2. The cover letter says the book is one thing, but the sample chapter shows something else.
For example, one cover letter stated:
My book is in the style of Val McDermid but with my own original twists. But the sample chapter was romance fiction. I’m not sure if Val McDermid was chosen because she is a famous Scottish author and the person thought it might help convince us to publish the book, or if the book is crime fiction but the murder happens later in the book. Which leads me to the next point…
3. Get to the point.
So many submissions just ramble on. For some pieces, I feel like there might be something coming, but the suspense isn’t strong enough to keep me reading. I can feel like I’m wasting my time.
4. The author has the following motto: ‘The more adjectives and adverbs the better’.
It’s like they just opened the dictionary and started throwing in words for the sake of it. Fancy vocabulary should never over take a good story.
5. It’s a ‘true life story’.
I know memoirs are big business, but I’m just going to just say what I think, ‘Just because you think your life is interesting, doesn’t mean anyone else will.’
Slush Pile of Shame #3, added 8 November 2010
The following paragraph found on a cover letter in a slush pile is what sparked my request for a public debate: Why do you write?
Dear Sir or Madame,
I’m sick of everyone telling me that octogenariphilia is wrong, so in order to help the world understand the beauty of those nearing the century mark I have written a tender and passionate romance novel. I know once this novel is published, people will finally come around to the splendour of loving the aged, and the novel will certainly be a number one best seller.
I wrote the novel in a way that mimics a film so that it will be easier for you to sell the film rights, and I have already chosen the cast: Maggie Smith and the sexy Jason Hughes of Midsomer Murders will be playing the romantic couple. Unlike the unrealistic Harold and Maude, my novel (and subsequent film) is a more realistic story with intimate, lengthy and multiple sex scenes.
The letter then goes on to give an outline of the novel’s sex scenes and the accompanying camera angles.
(Notes from the intern: Out of morbid curiosity I read the first page of the sample first chapter. Only one way to describe it: porn with wrinkles. I’ll never eat porridge again.)
Proof that MNM isn’t the only publisher receiving these sort of queries, I found the following blog: Help I Need a Publisher. And outside of this one tongue and cheek post, this blog is an excellent resource for those wishing to get published.
Slush Pile of Shame #2, added 25 October 2010
The moment I sat down at the table I knew that my life was over Id never see my child grow up Id never see my grandchild. That knife screamed at me and it yelled Kill Yourself. I reached over to the knife and ran my finger along its edge drawing a thing cut along my finger print letting red blood drip down onto the glass table top. As she ran her finger along me I knew I was in control my shiney steal trimbled beneath her skin as I sliced threw. We both knew it would be soon and we could be one.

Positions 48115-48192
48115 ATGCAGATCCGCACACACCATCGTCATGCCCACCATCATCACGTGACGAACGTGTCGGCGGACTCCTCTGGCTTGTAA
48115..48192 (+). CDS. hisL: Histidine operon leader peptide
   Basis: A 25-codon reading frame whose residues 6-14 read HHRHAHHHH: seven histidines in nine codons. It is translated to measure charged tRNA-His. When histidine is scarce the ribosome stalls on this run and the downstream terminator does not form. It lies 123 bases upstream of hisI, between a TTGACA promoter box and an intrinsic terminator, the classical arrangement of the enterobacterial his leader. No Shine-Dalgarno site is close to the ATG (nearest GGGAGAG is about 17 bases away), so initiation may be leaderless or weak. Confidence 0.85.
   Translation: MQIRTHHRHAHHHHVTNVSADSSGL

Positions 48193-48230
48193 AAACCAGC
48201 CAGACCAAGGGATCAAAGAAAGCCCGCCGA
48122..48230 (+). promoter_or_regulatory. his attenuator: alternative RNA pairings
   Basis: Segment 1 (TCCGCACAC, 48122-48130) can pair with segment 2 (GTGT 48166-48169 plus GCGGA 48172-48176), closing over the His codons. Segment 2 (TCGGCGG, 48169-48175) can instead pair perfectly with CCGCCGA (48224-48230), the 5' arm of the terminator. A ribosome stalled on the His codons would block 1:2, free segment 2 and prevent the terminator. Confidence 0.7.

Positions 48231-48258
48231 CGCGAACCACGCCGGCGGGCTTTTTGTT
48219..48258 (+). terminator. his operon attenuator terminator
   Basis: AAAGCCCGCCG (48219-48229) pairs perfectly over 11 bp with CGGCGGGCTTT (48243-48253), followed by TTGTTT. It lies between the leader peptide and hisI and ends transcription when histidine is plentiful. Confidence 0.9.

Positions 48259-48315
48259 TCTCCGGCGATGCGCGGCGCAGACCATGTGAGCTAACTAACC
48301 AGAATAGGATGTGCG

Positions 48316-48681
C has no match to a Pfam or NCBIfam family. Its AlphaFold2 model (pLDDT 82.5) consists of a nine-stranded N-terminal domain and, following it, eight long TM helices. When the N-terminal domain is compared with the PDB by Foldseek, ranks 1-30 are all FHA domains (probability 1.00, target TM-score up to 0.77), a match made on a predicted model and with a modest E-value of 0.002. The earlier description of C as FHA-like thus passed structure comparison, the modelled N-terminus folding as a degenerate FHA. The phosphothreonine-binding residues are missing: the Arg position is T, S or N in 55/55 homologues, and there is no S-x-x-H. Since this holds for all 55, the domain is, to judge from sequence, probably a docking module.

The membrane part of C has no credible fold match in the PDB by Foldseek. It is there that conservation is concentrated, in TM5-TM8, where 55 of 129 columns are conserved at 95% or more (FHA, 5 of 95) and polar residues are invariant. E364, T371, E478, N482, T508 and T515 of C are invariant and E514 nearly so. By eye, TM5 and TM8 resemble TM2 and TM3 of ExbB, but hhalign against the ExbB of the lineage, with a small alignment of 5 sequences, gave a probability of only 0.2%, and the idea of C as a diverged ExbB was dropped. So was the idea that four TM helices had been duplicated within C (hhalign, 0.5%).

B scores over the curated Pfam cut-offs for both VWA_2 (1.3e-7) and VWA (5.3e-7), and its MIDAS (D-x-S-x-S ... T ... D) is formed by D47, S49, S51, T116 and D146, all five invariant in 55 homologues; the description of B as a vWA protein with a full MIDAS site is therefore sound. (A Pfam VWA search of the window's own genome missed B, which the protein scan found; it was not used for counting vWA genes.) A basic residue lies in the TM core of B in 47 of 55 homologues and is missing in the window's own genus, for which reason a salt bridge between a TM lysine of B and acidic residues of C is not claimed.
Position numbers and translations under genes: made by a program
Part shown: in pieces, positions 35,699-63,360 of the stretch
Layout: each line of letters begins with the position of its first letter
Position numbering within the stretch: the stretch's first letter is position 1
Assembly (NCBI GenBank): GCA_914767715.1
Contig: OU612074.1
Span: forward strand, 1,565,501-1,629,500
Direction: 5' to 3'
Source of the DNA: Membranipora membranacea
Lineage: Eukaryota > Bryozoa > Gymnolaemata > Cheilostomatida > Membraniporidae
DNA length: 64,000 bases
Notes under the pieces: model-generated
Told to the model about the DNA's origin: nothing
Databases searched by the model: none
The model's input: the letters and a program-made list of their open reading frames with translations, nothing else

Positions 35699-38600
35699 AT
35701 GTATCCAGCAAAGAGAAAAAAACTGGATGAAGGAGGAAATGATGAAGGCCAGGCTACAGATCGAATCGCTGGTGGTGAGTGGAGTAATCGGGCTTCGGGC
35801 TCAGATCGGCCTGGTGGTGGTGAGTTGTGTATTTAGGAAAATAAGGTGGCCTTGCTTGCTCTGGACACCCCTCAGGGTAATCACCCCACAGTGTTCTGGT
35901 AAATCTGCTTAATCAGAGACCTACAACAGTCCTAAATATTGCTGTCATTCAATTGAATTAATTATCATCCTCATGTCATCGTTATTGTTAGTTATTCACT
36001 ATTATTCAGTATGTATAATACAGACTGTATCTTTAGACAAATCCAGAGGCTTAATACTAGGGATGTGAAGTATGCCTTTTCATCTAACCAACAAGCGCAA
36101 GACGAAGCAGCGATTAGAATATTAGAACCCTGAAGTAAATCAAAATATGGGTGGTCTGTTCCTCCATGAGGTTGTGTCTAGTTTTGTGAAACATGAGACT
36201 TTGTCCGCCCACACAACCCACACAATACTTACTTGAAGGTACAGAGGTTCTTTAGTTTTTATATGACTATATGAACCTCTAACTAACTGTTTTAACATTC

(Notes from the Intern: This is the most lucid portion of the five pages I read. I have no idea who is talking, or even what is going on. There were so many typos that I began to think that they were intentional. Hint to those submitting, get someone to proof read your work.)
Slush Pile of Shame #1, added 9 October 2010
Trapped beneath the city of Dunfermline Derick von Buggen knew that he only had one chance to get away. The coarsely woven rope made of strong jute dug deep into his wrists, and the finely tied sailor’s not cut across his hands. But Derick knew how to get free, for little did his captors know that he had double jointed wrists that could twist and bend in directions unnatural to most primates. He pulled his left hand free first, then his right. He reached into the upper left hand pocket of his fine Italian coat, but found his mobile was not there. Only moments before his captors drugged him with a cocktail of single malt whiskey and philosophogeline, the beautiful Margaritte, with her steely dark eyes and hair the colour of coal, reached across the bar and kissed him. Her bright red lips, wet and warm, felt right. Derick new that this woman was no good, but he wanted her anyway, and what Derick wanted Derick got.
Margaritte must have slipped her hand into his pocket during that kiss, alleviating him from his mobile. Little did Margaritte know that earlier in the day the prize winning scientist Professor Luther Martindale had fitted Derick with a small digital ear piece that could call anywhere in the world. Von Buggen was not going to be defeated. He would escape from that underground lair, save the world from nuclear holocaust, and make sweet love to Margaritte. He didn’t care if she worked for the other side, for Von Buggen thought it was titillating to mix love and war.
(Note from the intern: This is the opening paragraphs. The story might be clichéd and over written, but at least it jumps right into the action. Also, in my heart of hearts I’d hoped this was a parody, but after reading several pages, the synopsis and the outline, I realised that I was in no such luck.)